- Life Skills Project
- Release date:
- 30 1 2015
It stopped Steph reaching breaking point, gave Hywel a new appetite for working life and stopped teenager Chris from heading down a slippery slope to nowhere. Today the Big Lottery Fund can reveal that these three people were among thousands in Wales to benefit from £14 million from the Big Lottery Fund and European Social Funds.
Since being launched in 2009, 5,186 people have been supported by projects that received funding through the Life Skills programme. Some 1,252 participants have been helped back into employment and 2,066 have gained qualifications that will help them in the workplace.
And through the 22 projects funded in Wales, specific groups have benefitted including economically inactive or unemployed people such as carers, care leavers and older people.
Nearly 80 per cent of participants said it had made them more satisfied with life with many citing that their job prospects had improved significantly.
Big Lottery Fund’s Wales Director John Rose said: “We’re delighted with the impact of the programme. To be able to say we have helped over 3,000 people in Wales get back into work or gain qualifications is a huge achievement during a time of huge economic downturn.
“It’s amazing to be able to make a difference to one person’s life but to do it to this number of people, which will have knock on effects on so many others in terms of improving whole families’ happiness and well being and so on, is hugely satisfying.”
Funds, which were distributed through the Welsh European Funding Office (WEFO), also helped people find opportunities for training, volunteering and work experience.
The Shaw Trust in Neath received funding for three Life Skills projects, benefitting people who were either over 50 or from economically inactive families. It helped 447 gain employment and over 1,300 people achieve basic or accredited qualifications.
Project Manager Michael Dix-Williams said: “The projects have reached out to groups of people that have been left out in the cold by mainstream employment provisions. The projects have provided an opportunity for people to develop their skills, confidence and potential in a way they would have not been able to otherwise, and having been given these opportunities people have achieved some outstanding outcomes.”
Pembrokeshire Council’s Experience Counts project has supported nearly 400 older people from the area. It aimed to help 60 people gain employment but the success of the scheme meant this nearly doubled to 118.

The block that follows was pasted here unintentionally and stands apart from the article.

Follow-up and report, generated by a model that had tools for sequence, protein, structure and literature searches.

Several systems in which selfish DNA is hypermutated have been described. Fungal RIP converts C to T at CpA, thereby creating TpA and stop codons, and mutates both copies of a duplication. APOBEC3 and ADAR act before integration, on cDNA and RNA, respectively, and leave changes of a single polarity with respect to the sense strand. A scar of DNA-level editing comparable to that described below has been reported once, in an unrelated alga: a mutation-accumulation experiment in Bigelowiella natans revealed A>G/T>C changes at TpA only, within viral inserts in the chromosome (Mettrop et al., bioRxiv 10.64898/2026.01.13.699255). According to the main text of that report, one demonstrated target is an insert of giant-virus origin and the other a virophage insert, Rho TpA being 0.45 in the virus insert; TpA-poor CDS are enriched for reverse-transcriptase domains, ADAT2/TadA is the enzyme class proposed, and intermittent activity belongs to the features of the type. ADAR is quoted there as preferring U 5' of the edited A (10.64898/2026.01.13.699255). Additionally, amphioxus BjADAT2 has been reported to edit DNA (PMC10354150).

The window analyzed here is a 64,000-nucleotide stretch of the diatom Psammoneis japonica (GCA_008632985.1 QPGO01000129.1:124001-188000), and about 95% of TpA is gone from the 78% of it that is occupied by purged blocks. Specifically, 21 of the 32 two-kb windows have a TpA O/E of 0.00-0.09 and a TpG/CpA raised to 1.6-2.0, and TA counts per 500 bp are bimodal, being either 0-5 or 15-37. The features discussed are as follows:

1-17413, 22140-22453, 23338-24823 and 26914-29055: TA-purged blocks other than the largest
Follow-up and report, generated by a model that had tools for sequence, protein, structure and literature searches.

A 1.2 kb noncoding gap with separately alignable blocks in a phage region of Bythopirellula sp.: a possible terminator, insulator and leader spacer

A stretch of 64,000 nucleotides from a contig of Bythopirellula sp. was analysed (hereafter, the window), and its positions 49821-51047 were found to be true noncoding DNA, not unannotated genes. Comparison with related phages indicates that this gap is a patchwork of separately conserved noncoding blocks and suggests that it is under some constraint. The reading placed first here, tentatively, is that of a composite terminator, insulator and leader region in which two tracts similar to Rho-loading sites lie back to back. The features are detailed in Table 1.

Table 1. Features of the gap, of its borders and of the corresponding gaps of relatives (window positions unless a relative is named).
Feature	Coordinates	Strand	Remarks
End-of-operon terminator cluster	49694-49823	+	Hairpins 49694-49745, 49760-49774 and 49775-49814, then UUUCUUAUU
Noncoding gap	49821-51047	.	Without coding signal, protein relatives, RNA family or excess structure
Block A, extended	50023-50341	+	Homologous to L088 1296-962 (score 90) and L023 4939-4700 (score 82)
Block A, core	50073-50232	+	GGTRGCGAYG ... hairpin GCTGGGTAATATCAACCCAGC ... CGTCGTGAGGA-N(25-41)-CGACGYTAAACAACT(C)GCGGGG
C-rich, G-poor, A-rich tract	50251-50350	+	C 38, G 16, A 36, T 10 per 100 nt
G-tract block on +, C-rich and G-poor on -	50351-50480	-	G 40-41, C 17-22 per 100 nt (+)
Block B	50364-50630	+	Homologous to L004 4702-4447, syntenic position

Pembrokeshire County Council’s Cabinet Member for Communities, Councillor Keith Lewis, said: “The Experience Counts project has been a terrific success in Pembrokeshire and is responsible for changing the lives of many of our older workers for the better.
“As well as helping unemployed and economically inactive people aged over 50 in Pembrokeshire find work, it has also sustained them so that many are still in work after six or 12 months.
“This has been thanks to a dedicated and capable team in the Council’s Regeneration Division, but also due to the financial support of the European Social Fund and Big Lottery Fund.”
Projects in north Wales included NEWVOL which has benefitted 381 carers and former carers, with the majority gaining qualifications or volunteering and employment opportunities.
Here are stories about some of the people who have benefitted:
Learning for Life
Teenager Chris Storer had a chaotic childhood and spent his early teens skipping school and hanging out on the streets of Cardiff until he was placed in local authority care. With nothing to do and no hopes, drive, dreams or aspirations for the future- he was fast heading down a slippery slope to nowhere.
Turn the clock forward and Chris told a completely different story. The young care leaver secured fulltime employment and was brimming with confidence.
Chris was among the hundreds of young people from Cardiff and the south Wales valleys who benefited from the Learning 4 Life Scheme run by homeless charity Llamau. The scheme aimed to provide young care leavers with tailored support and guidance to help them into work and enable them to live independent lives.
“My life was boring until I got involved with this scheme,” says Chris. “I was just out on the streets, hanging around, doing nothing and I had a lot of problems at home.”